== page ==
I had long ago realized that the prospect of my own death held no fear for me. I was raised as a girl of strong convictions and stronger loyalties and that held true even here. Especially here.

Even when my allegiance to this family had been a formality rather than an instinct, I had been willing to sacrifice my life instead of theirs. Now that things had become inexorably complicated, that conviction had only been strengthened.

They would protect me. Whether it was out of loyalty to what I meant to their brother or son or a fear that I would lose myself in the battle, they would not unleash me if there were other options.

I came to this battleground without a fear of my own demise. If it had been possible, my heart would have pounded out of terror only because, for all my new abilities, I might not be able to stand between death and the man I loved.

Compelled by that dread, I stepped forward and thirsted for battle.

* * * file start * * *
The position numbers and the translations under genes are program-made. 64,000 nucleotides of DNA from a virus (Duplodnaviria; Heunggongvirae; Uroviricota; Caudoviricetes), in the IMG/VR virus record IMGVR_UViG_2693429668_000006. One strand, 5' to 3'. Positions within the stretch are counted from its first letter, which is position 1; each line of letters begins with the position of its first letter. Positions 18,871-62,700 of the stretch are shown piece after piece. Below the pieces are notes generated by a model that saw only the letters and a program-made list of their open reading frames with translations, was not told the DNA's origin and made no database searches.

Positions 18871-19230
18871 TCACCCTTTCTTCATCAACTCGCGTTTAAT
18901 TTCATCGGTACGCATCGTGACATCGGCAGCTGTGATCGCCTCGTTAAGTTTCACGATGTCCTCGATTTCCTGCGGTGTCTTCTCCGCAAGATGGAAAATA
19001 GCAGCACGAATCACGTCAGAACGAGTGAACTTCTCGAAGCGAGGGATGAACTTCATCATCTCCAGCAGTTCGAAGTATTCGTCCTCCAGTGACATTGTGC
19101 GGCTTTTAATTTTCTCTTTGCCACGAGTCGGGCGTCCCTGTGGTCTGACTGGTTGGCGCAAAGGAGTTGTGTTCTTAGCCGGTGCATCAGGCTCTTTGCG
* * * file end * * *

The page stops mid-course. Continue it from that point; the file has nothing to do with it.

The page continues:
Fifteen months ago, I would have counted it as a blessing that Forks had a sunny day. It was something of a miracle if I could bare arms any earlier than June and when I spotted Charlie, he was perspiring lightly and shielding his eyes against the sun.

I'd come prepared, of course—Alice had tried her best to convince me to breeze into Port Angeles looking like something out of an Audrey Hepburn movie. I had firmly said no and worn a long-sleeved tee, jeans, sneakers and a Red Sox cap instead of the wide-brimmed hat, designer suit and Manolo Blahnik slides that she had envisioned.